Introduction and aims: We investigated coagulative disorders, particularly the role of the D-dimer, in acute pancreatitis where coagulation abnormalities related to disease severity are known to occur.
Methodology: D-dimer levels in 30 patients with acute pancreatitis were evaluated; pancreatitis was mild and uncomplicated in 11 patients, accompanied by complications in 15, and severe in 4. We attempted to find a relationship between the D-dimer level and the antithrombin III level, prothrombin time, partial thromboplastin time, the C-reactive protein level, and results of routine laboratory tests.
Results: In the 11 patients with uncomplicated pancreatitis, the D-dimer level increased about 1.5 times over the limit, while in the 15 patients with complications and the four patients with severe pancreatitis, the D-dimer level increased about seven times above the normal limit; this difference was highly significant (p < 0.0001). The rise in the D-dimer level was inversely related to albumin and calcium levels (p = 0.0001) and directly related to the C-reactive protein level, fibrinogen level and leukocyte count (p = 0.0001), prothrombin time (p = 0.006), partial thromboplastin time (p = 0.03), and acute abdominal collections and lung involvement (p = 0.0001). The increase appeared early on, lasting for the entire study and peaking on days 3–6.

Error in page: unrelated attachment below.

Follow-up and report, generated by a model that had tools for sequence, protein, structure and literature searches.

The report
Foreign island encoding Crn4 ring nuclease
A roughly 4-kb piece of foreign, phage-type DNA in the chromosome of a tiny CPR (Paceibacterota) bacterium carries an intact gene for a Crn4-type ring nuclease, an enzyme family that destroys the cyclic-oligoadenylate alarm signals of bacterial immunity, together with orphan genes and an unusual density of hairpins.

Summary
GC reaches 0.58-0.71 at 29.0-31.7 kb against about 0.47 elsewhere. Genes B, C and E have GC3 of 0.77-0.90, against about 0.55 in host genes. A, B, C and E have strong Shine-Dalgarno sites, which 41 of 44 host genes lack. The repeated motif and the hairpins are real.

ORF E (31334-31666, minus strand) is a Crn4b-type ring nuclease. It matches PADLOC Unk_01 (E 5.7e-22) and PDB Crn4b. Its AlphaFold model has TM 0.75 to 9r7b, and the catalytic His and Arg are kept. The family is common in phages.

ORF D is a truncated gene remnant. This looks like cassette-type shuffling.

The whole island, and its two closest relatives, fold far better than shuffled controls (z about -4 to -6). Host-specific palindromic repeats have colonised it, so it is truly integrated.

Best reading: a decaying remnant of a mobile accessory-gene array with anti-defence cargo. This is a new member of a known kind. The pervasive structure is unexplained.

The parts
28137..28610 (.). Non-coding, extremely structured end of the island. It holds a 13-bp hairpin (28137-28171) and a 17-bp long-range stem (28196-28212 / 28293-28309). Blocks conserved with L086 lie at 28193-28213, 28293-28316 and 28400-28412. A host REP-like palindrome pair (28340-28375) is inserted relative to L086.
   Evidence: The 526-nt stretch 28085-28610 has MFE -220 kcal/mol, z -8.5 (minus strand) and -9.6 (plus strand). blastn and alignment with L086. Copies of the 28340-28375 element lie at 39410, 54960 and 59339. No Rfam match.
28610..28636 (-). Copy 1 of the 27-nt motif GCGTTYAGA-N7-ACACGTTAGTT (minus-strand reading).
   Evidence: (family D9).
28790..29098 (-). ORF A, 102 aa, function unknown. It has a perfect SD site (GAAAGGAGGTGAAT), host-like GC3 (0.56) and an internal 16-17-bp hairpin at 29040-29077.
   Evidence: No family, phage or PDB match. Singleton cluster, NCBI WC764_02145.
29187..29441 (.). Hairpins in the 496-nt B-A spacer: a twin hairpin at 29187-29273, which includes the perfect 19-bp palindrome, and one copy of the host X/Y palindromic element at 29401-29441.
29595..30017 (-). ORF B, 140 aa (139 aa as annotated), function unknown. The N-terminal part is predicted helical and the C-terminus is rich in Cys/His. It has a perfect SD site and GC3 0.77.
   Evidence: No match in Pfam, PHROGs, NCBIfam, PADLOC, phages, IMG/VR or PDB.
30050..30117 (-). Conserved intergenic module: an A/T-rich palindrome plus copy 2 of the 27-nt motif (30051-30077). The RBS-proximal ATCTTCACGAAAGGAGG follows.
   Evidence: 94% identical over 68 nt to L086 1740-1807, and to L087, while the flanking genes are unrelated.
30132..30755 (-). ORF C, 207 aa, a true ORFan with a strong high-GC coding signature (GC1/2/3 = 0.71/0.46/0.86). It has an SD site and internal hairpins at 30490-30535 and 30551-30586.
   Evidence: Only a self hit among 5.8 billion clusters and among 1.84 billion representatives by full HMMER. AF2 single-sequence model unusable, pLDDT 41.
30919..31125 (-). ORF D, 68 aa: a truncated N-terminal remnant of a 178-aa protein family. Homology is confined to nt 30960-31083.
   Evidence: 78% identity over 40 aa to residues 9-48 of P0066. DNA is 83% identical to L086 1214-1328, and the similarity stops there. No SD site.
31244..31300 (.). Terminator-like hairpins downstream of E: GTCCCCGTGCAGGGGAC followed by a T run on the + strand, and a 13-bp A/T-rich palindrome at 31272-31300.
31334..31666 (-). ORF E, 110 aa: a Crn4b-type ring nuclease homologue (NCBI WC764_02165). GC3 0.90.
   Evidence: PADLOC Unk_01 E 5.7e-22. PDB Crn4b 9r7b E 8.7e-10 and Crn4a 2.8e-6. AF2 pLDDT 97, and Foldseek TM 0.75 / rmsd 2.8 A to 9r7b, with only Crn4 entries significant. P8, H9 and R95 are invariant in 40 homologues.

Conclusions: The D-dimer is the expression of pancreatitis and the extension of systemic involvement; it may be considered a prominent link in the chain of events leading to severe disease.